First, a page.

Kelsey McCarson — I like Pacquiao by decision. A good rule of thumb for people like me who like to pick fights is to never back a fighter over 35. Pacquiao is 40 now, and he’s nowhere near the elite specimen he was ten years ago. But backing Pacquiao in his last fight against the much younger Adrien Broner made sense, and I think breaking my rule in this case for Pacquiao-Thurman does, too. Thurman has a quality resume, but I’m guessing somewhere inside he knows he’s not quite a great welterweight. That’s probably why he wanted no part of Errol Spence and probably also what led to him being out of the ring for so long during recent years. The fight will be competitive, but PACQUIAO will throw and land more punches while Thurman will mostly try to move and box off his backfoot once he gets a taste of Pacquiao’s power.

Matt McGrain — “Last time I knew Manny Pacquiao was going to win he lost to Jeff Horn. On the other hand, picking against a living legend like Manny is just not a thing I can do happily. So, it’s dry, and it’s sad then, that I’m picking Keith THURMAN, but the point at which my heart rules my head has been reached and breached. Too big, too tough. The tipping point with Manny has also been reached and breached, I think. I really am looking forward to his proving me wrong.”

Sean Nam — As impressive as it may have been to see 40-year-old Manny Pacquiao outpoint loudmouth dilettante Adrien Broner, it should not disguise the fact that the full-time Senator has been on the decline for nearly a decade. Indeed, by agreeing to face Keith Thurman, the natural welterweight with perhaps the best resume in the division, Pacquiao will be trading punches with a world-class opponent in his prime, a circumstance not seen since at least 2016, when he rematched Timothy Bradley Jr. Of course, Thurman has his own laundry list of caveats. After a two-year period of inactivity and injuries, Thurman returned to the ring earlier this year in a virtual tune-up against Josesito Lopez. Though he won wide on points, he was wobbled badly midway through the fight. Also to consider is the fact that Thurman has not had a clear-cut knockout victory since he fought Julio Diaz in 2014, a sign that perhaps he does not hit as hard as some think. Thurman is not likely to knock out a proven, stone cold competitor like Pacquiao, but he has the athletic credentials — and enough power — to edge the aging icon on the scorecards. As has been his custom for the past several fights, expect Thurman to run circles around the ring as he uncorks potshots on Pacquiao. Keith THURMAN SD 12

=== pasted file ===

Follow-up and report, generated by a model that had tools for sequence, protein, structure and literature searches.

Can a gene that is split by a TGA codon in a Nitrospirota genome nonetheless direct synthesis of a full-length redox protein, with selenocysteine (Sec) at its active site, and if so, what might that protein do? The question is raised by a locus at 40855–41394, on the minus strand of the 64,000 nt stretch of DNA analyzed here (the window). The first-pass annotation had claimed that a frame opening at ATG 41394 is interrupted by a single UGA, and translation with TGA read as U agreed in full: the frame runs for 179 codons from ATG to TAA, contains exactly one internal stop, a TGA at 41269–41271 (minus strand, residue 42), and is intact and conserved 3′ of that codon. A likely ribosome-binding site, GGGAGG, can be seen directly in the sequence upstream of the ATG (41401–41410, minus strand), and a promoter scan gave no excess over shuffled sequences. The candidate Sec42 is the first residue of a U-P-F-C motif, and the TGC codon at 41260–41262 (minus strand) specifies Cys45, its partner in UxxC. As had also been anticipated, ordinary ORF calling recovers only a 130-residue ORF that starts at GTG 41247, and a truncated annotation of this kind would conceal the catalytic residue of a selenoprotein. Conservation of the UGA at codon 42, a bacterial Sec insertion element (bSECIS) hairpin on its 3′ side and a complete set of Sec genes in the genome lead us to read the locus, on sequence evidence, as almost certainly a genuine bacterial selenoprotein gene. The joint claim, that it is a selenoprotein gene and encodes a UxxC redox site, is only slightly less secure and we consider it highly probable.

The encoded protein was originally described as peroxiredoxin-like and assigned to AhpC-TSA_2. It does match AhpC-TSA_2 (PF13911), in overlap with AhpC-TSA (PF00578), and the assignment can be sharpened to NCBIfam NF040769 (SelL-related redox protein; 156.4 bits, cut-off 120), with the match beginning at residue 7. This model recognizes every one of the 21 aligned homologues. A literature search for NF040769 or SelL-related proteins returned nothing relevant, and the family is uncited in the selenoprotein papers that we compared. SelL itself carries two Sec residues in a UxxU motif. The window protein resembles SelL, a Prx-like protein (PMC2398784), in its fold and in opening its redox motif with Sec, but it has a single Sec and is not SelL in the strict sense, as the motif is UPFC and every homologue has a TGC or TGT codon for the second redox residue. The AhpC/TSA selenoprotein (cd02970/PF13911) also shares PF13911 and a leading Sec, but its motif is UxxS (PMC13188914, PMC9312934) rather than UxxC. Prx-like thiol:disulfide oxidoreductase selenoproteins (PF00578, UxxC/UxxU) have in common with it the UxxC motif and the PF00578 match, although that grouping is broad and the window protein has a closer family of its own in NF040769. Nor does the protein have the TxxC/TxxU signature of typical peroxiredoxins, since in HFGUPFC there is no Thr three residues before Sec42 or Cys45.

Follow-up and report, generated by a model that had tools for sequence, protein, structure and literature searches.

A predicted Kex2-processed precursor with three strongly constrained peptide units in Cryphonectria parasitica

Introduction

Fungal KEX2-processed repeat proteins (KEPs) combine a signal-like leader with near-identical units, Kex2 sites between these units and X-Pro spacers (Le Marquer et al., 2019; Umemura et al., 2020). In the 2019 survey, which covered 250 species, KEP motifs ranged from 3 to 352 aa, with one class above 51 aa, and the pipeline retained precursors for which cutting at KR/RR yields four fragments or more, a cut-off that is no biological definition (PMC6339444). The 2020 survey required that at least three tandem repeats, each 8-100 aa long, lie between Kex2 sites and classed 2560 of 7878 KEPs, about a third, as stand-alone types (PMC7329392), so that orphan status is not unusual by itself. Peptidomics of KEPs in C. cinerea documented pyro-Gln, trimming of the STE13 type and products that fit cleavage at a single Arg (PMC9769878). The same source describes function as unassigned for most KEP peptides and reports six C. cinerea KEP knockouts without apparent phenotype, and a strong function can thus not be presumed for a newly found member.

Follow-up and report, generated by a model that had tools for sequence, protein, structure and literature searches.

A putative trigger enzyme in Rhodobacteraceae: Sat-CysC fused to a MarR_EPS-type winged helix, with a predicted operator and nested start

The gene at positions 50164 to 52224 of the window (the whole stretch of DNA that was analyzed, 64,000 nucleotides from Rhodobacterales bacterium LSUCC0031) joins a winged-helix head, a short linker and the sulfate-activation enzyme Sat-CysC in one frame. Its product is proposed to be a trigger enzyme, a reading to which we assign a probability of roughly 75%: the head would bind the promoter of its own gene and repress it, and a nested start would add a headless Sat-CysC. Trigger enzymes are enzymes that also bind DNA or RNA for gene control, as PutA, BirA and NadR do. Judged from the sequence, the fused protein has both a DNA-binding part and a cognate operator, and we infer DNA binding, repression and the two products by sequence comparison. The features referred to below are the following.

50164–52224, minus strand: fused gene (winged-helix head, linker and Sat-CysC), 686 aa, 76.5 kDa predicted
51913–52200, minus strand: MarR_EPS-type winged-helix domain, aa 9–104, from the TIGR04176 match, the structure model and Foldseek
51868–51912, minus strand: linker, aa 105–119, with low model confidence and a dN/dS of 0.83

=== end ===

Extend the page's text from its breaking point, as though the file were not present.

Ted Sares – I see PACQUIAO winning by MD. As soon as he buzzes Thurman, “One Time” will start running which is his wont. It will be a boring affair unless Thurman tires and Pac catches him.

Phil Woolever — The facts should speak for themselves but I don’t know what they’re saying. Thurman’s resume includes notable victories over Danny Garcia, Shawn Porter and Robert Guerrero. He has lost to no one. Pacquaio has notable victories over Erik Morales (twice), Juan Manuel Marquez (twice plus a draw), Shane Mosley, Timothy Bradley, Jr (twice), Marco Antonio Barrera (twice), rare stoppages of Barrera, Miguel Cotto and Oscar De La Hoya plus a total wipeout of Ricky Hatton. He has highly disputed losses to Bradley and Jeff Horn, a basic shutout to Floyd Mayweather, Jr, a one punch splattering by a possibly enhanced Marquez and a loss to a near prime Morales. Maybe his early stoppage losses to Boonsai Sangsurat and Rustico Torrecampo offer clues I miss. No prediction here, logical or otherwise. I have no idea what to expect except that’s something that makes a great fight.

Observation: There was a distinct lean to Keith Thurman, but the operative word here is “lean.” A more general consensus is that this fight will go to the scorecards with the impending verdict no foregone conclusion.

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When Muhammad Ali and Gerald Ford Met

Thomas Hauser

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When Muhammad Ali and Gerald Ford Met

On June 25, 2019 – one day after the United States Women’s National Team advanced to the quarter-finals of the World Cup – Eight by Eight magazine posted a video clip from an interview conducted in May in which Megan Rapinoe was asked, “Are you excited about going to the White House?”

Rapinoe is white and openly gay. She’s also the heart and soul of the United States Women’s National Team. On multiple occasions, she has followed Colin Kaepernick’s lead and declined to stand for the playing of the National Anthem.

“I’m not going to the f****** White House,” Rapinoe responded. “No, I’m not going to the White House.” Then, taking note of Donald Trump’s proclivities, she added, “We’re not going to be invited.”